Such eagerness to play dumb may be among the reasons Sumter’s countywide approval rating is somewhere in the neighborhood of 17 percent, if polling data floating around the county’s political chattering class is to be believed. She should know better, and she does.

Even if Sumter didn’t know many people on the eastside before she ran for judge, she might have seen, “One county, two worlds,” in the Austin American-Statesman back in 2002 documenting the divide.

Calling it the “two Hays counties,” Jeremy Schwartz and Andy Alford wrote, “There’s the one on the west side of the highway, where rolling hills and sparkling rivers make room for homes worth hundreds of thousands of dollars and where million-dollar development battles make headlines. Then there’s the Hays County … where mobile homes spread as far as the eye can see, where roads in some areas are virtually impassable, where basic water and sewer service is sometimes lacking. The highway is a barrier of wealth, class and ethnicity.”

The article goes on to point out:

  • “Two of the three poorest census tracts in Hays County are east of I-35. The five wealthiest tracts are to the west. The past 10 years saw a concentration of wealth in the northwest part of the county, and about of third of the county — all to the west — has a median annual household income of between $60,000 and $80,000.
  • “The east side remained uniformly poorer than the west, with median family incomes ranging from $23,000 to $49,000, depending on census tract.
  • “The highway is a divider of ethnicity as well. Census numbers reveal that the areas west of I-35 are predominantly white, and overwhelmingly so in the most affluent sections to the northwest. The east side has become a more diverse area. In 1980, Hispanics were the majority in only two census residential areas, while the rest were predominantly white. Today, four of those areas are predominantly Hispanic while most other east-side tracts are split between whites and Hispanics.”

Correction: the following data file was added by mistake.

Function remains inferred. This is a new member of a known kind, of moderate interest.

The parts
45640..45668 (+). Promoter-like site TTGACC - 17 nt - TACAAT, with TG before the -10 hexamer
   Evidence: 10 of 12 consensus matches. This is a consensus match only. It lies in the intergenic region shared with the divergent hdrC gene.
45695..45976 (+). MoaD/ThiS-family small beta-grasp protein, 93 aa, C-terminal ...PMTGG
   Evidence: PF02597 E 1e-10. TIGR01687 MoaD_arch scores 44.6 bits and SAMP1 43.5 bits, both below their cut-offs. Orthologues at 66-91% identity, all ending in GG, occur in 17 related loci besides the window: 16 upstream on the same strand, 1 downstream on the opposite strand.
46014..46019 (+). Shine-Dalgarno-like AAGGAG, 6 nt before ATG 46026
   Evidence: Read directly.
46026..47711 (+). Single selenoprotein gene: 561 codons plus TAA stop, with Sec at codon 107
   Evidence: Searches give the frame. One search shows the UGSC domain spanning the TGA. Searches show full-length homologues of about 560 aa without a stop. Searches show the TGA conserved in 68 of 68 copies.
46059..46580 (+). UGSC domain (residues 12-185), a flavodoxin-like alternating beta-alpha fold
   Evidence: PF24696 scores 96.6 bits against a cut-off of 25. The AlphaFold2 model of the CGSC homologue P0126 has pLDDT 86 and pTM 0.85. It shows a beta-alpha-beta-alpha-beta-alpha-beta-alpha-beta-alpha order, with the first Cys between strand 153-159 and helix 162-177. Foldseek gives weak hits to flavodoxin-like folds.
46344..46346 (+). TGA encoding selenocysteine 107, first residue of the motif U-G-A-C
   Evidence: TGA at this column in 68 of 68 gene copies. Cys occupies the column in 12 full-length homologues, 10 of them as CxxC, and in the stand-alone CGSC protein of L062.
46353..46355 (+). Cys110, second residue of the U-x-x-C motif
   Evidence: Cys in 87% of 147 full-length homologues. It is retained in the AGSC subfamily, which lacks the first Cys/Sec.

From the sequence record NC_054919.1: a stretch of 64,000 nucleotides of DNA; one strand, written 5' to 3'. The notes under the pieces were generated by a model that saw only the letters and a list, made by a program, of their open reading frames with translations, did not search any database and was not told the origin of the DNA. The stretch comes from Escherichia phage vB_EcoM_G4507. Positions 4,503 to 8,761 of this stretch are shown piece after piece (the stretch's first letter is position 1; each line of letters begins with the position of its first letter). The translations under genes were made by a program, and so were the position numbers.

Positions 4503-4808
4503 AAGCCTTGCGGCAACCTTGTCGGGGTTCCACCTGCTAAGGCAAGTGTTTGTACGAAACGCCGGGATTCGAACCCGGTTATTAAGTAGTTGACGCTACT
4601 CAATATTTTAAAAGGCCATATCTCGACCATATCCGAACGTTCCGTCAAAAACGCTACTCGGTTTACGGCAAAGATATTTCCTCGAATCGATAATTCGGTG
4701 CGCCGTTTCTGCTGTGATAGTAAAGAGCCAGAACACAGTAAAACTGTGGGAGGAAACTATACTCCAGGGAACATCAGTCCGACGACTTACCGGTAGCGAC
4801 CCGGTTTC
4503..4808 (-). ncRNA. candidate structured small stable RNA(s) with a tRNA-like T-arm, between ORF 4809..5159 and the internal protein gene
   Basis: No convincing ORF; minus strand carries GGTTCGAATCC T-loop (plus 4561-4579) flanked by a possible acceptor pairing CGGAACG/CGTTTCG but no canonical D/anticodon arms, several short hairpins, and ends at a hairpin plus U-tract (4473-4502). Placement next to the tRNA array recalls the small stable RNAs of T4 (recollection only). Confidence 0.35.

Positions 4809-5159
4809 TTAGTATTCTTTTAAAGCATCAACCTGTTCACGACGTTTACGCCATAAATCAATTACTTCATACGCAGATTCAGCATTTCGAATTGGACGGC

The starkly different realities yield starkly different views on public policy, not just on roads but on just about any issue the commissioners court touches.

For example, Sumter and Pct. 4 Commissioner Karen Ford have been unrelenting in insisting that the vast majority of $30 million in voter-approved parks and open space funds be applied to buying conservation easements on large tracts of property, an arrangement that will preserve the land from development but which taxpayers footing the bill may never set foot on. Representing precincts anchored in the eastside, the court majority tends to support their communities’ requests for active use parks with amenities like soccer and baseball fields and tennis courts and playgrounds.